Here’s the thing. While I’m glad she’s come out and told the world she has this condition, which may make some people take note about their own lives and see their doctor, it’s interesting that the official announcement came the same day her new multi-platform endorsement of the Novo Nordisk medication (which costs $500/month) was launched. I’m also concerned that she may be more focused on controlling the disease with the and the “lighter” meals she and her sons will promote on the new website, than encouraging prevention. Yes, life doesn’t have to stop for people with Diabetes, but people don’t have to get it, either. She and her sons will be paid by the Pharma company to promote the drug, and as it turns out, they announced Wednesday that they’ll be donating a portion of their profits to charity. What charity and how much? Who knows.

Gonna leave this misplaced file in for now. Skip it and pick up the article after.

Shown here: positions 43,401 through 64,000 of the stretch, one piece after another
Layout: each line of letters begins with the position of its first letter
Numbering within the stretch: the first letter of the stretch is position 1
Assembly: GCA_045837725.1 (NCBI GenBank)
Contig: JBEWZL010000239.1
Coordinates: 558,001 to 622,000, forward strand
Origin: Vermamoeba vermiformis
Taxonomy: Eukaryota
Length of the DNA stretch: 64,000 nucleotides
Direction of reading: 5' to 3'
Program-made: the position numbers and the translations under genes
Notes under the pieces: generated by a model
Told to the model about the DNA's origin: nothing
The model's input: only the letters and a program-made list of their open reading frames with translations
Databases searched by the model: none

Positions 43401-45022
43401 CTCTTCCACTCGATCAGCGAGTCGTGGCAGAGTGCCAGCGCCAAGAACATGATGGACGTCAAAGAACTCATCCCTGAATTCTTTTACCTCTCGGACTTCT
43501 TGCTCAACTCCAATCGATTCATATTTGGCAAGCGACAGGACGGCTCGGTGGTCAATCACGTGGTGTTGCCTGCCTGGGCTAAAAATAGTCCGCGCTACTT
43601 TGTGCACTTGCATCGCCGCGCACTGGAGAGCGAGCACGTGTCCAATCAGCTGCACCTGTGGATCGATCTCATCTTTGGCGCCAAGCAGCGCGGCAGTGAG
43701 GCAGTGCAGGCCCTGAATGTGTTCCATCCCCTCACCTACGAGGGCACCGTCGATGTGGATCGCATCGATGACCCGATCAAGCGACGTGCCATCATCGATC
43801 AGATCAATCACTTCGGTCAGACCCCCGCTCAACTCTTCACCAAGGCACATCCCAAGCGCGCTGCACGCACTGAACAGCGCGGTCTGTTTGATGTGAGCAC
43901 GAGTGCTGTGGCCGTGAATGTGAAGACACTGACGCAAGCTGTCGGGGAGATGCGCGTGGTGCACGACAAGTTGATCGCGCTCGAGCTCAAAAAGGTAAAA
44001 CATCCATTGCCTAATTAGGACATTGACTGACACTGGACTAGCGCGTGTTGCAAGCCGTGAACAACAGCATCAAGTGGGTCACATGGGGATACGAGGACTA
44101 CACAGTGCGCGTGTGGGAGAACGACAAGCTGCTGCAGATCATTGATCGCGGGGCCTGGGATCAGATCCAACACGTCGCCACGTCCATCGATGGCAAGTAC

We tend to focus so much time, effort and money on trying to cure or control diseases rather than preventing them. While we all need to take responsibility for our own lives and the choices we make along the way, sometimes we also need a little guidance once in a while. We’re all experts in certain things, but we’re not all experts in health and nutrition and look to others to help us along. While I would never look to Deen for advice on nutrition, it’s a shame that with such a huge following, she’s more focused on promoting a drug rather than promoting a healthy lifestyle which could possibly help prevent the disease from affecting many of her fans to begin with. Hopefully out of all this hoopla, people who are at risk will start making changes and listening to health experts to turn things around and live healthy lives. At the same time, hopefully those who are on a healthy road will stay there!